“Without aggressive activities to locate and preserve it, it will disappear for good,” Dr. Gutmann said. “Our goal is to assure that the material remains accessible, complete, uncorrupted and usable over time.”
For the punch card data, that will mean converting it to an electronic form first.
Judge Strikes Down Section of Patriot Act
The ruling came in a case brought by the American Civil Liberties Union against a kind of subpoena created under the act, known as a national security letter. Such letters could be used in terrorism investigations to require Internet service companies to provide personal information about subscribers and would bar them from disclosing to anyone that they had received a subpoena.
Such a subpoena could be issued without court review, under provisions that seemed to bar the recipient from discussing it with a lawyer.
Judge Marrero vehemently rejected that provision, saying that it was unique in American law in its “all-inclusive sweep” and had “no place in our open society.”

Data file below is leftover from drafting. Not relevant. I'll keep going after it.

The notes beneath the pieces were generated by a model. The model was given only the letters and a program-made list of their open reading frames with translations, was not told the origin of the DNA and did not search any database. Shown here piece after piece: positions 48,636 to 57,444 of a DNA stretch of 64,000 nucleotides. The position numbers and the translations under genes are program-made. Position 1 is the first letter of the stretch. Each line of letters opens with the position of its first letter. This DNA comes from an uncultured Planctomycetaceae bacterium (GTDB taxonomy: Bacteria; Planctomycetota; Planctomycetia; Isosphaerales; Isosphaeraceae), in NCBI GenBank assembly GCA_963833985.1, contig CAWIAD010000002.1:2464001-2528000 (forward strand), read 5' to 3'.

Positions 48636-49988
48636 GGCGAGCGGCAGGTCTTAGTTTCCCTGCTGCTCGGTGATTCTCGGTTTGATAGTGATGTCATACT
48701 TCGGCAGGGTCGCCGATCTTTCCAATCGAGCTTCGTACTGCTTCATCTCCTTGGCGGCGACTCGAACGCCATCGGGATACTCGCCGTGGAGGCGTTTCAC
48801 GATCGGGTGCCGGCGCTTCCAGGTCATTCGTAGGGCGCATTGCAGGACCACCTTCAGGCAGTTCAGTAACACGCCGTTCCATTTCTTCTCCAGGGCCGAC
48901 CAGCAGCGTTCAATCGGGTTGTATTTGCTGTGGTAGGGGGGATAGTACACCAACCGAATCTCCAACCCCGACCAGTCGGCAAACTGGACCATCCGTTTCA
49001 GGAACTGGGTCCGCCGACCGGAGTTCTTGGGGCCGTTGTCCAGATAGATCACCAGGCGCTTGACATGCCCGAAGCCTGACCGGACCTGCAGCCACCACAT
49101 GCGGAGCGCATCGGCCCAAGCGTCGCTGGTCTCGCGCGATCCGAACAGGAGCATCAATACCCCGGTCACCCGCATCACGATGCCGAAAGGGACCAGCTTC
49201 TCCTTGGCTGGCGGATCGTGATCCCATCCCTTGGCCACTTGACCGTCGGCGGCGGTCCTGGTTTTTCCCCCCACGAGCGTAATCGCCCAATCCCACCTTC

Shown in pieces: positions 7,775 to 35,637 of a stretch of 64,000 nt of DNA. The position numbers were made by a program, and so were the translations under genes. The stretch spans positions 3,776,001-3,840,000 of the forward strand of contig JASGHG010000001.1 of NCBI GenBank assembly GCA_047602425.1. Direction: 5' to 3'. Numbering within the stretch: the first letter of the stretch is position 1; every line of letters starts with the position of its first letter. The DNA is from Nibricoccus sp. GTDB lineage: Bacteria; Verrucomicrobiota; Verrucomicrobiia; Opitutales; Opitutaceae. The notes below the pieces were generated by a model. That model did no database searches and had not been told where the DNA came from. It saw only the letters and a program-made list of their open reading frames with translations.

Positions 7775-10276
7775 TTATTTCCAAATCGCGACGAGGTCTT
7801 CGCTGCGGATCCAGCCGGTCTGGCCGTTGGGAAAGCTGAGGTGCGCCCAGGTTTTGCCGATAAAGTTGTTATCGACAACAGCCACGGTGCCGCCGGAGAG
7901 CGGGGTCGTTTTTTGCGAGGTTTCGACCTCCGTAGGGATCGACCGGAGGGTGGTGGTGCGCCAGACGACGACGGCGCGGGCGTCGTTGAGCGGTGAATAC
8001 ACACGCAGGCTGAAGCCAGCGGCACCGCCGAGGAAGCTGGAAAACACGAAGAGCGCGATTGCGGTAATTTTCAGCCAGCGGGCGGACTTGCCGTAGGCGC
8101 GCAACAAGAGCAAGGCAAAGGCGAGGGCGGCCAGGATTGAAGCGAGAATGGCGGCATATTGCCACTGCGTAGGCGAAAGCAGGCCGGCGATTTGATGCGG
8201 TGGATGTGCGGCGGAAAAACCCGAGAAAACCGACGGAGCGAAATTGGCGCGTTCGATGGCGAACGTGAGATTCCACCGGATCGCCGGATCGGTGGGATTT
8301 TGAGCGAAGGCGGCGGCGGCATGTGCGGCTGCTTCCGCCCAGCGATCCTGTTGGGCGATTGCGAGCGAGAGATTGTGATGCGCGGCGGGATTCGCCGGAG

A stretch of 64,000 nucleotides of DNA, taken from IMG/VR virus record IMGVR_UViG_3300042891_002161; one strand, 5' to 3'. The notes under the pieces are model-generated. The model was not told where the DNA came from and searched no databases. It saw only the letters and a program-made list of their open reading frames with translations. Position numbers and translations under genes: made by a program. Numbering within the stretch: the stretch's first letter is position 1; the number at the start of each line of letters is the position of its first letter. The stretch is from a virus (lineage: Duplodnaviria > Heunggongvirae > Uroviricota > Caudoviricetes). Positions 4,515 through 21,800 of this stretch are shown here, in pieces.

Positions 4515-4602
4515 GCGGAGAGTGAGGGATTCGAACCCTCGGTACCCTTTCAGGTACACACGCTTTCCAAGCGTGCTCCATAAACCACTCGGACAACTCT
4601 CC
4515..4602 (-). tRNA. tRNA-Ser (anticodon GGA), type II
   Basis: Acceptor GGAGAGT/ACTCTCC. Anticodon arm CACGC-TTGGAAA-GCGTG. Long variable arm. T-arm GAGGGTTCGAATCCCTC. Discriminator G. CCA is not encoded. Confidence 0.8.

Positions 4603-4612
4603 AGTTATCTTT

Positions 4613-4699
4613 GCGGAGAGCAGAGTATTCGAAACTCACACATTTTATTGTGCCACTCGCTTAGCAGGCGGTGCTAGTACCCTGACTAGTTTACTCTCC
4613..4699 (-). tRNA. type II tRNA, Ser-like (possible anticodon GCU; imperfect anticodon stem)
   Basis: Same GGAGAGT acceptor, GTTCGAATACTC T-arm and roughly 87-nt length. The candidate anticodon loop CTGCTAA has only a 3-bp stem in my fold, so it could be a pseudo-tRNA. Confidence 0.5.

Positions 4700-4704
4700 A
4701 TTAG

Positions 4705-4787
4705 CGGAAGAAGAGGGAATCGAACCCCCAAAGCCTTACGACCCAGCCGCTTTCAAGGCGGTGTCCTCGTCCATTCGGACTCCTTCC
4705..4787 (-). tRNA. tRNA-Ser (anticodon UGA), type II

See also the Washington Post’s article, Key Part of Patriot Act Ruled Unconstitutional, as well as their blog-like rundown of coverage elsewhere in Digitizing the Bill of Rights
Note: Joseph K. is the central figure in Franz Kafka’s The Trial.
A datapoint on the business models of artists from this profile of Melissa Auf der Maur: From the Sidelines to the Front Lines
Ms. Auf der Maur is a deeply committed bohemian, born to the phrase. Her father, who died in 1999, was a well-known journalist, politician and raconteur in Montreal and her mother, at 62, is an arts journalist with no retirement plan, who cheered her daughter’s plan to finance her own record, even when it meant she would spend just about every nickel she made during her time with Hole and the Pumpkins.